Williams rises above peers on 'Tardust'
By Mario Puig for The Daily Cardinal on November 13, 2007
Certain people have a way with words that can’t be taught or imitated, an ability to teach lessons and illustrate higher truths in an eloquent fashion while remaining relatable to all who listen. Most of accessible hip-hop does not feature people like this. Saul Williams is an exception, and The Inevitable Rise and Liberation of Niggy Tardust! is a great example of why he’s in the top tier of hip-hop artists.
After forming a following with his work as an open mic poet in New York in the mid-’90’s, Saul became involved in the hip-hop scene, eventually working with people like Rick Rubin and Zack de la Rocha. Known for his lyrical prowess and wise insight on a number of issues, Saul released a self titled album (2004) and Amethyst Rock Star (2001), both of which made him fairly prominent in the world of underground hip-hop. His material is primarily social commentary, and occasionally autobiographical.
Niggy Tardust is Saul’s third album and has been released as an online download in the ‘pay what you want’ format, drawing obvious comparisons to Radiohead. Saul chose Trent Reznor (Nine Inch Nails) to be the producer after the two became friends while touring together, and Reznor’s influence on the album is realized almost instantly on the first song, “Black History Month.” A tremulous and fuzzy synth-line sets the platform of the track as Saul breaks into verse that, for him, is unusually slow and boastful. Just when it looks like Saul might have lost some of his vocal fire, a shout of “The banana peels are carefully placed/So keep your shell-toes carefully laced” triggers perhaps his loudest and most chaotic chorus yet.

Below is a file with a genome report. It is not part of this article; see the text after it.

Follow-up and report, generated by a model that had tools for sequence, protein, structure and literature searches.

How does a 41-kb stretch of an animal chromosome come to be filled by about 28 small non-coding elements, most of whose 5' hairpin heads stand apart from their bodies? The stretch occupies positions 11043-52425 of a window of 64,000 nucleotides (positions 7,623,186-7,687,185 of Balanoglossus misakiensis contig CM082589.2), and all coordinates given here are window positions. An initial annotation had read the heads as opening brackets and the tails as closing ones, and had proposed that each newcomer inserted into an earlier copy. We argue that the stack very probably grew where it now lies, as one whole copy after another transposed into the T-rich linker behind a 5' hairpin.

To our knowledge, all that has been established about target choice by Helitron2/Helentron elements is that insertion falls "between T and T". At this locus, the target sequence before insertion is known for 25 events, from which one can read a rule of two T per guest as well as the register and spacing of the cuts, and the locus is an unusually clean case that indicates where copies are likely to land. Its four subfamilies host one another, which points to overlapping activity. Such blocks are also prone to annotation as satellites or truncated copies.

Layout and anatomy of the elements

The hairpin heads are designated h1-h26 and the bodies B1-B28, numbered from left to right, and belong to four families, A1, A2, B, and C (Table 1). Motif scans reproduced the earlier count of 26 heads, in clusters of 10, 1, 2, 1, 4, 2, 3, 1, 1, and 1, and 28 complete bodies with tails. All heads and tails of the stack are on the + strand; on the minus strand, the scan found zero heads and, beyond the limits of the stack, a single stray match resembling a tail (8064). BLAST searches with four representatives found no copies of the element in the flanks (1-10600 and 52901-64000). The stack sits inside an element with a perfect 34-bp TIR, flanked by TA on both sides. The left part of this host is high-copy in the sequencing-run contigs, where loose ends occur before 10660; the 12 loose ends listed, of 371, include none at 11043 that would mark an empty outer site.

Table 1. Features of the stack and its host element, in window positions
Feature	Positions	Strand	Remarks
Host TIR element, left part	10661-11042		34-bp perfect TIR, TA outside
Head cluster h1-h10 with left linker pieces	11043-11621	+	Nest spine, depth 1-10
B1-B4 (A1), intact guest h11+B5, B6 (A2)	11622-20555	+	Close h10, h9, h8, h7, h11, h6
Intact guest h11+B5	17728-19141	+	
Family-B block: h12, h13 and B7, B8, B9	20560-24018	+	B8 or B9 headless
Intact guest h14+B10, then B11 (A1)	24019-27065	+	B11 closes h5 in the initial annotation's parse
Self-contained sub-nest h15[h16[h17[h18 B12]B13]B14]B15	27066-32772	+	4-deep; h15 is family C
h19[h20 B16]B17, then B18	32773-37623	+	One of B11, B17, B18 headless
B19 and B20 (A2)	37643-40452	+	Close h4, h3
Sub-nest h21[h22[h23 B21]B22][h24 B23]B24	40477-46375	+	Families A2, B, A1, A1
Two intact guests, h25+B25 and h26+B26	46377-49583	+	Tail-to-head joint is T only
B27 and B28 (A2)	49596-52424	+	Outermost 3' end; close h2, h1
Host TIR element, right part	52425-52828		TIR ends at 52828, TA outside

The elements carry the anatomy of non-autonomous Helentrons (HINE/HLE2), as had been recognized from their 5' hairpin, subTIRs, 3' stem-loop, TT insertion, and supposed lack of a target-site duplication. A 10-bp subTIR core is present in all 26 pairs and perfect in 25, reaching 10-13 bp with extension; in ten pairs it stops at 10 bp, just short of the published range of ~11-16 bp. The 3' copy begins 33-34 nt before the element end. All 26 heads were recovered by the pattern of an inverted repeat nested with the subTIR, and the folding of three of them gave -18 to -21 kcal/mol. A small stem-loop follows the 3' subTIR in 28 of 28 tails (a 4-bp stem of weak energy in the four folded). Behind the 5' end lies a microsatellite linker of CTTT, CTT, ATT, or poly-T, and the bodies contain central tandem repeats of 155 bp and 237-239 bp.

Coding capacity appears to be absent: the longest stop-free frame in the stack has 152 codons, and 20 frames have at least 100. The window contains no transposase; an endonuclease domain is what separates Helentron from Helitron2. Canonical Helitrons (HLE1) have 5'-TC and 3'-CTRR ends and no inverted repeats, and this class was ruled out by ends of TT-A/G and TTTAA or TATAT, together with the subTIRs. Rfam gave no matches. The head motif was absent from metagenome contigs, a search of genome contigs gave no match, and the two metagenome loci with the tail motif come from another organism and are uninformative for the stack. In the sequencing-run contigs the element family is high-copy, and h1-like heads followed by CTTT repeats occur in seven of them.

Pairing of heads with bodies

By utilizing rock and industrial elements and singing as much as he raps, Saul has distinguished himself from the rest of hip-hop, and the addition of Reznor’s production to that has had great results. An example is the album highlight “Convict Colony,” where urgent drumming and a soaring synth verse perfectly complement Saul’s wailing vocals before a swarm of chirping electronics in the breakdown creates one of the trippiest soundscapes hip-hop has ever witnessed.
Saul displays the extent of his vocal talent best on his cover of U2’s “Sunday Bloody Sunday.” Covering this song is out of the question for nearly all musicians, not to mention hip-hop artists, but Saul puts forth an impressive vocal effort and does a fantastic job of presenting a unique interpretation of a timeless track. The rest of the album sounds like a combination of Saul’s self-titled album and Nine Inch Nails’ The Fragile.
It’s easy to point out that Saul Williams is musically superior to most of his hip-hop peers, but his messages are too complex to be analyzed in an album review. Saul is in an entirely different universe from most others when it comes to lyrics and enthusiasm for art. Niggy Tardust has great music, great rapping and beautiful singing, proving Saul Williams to be an artist who deserves far more recognition.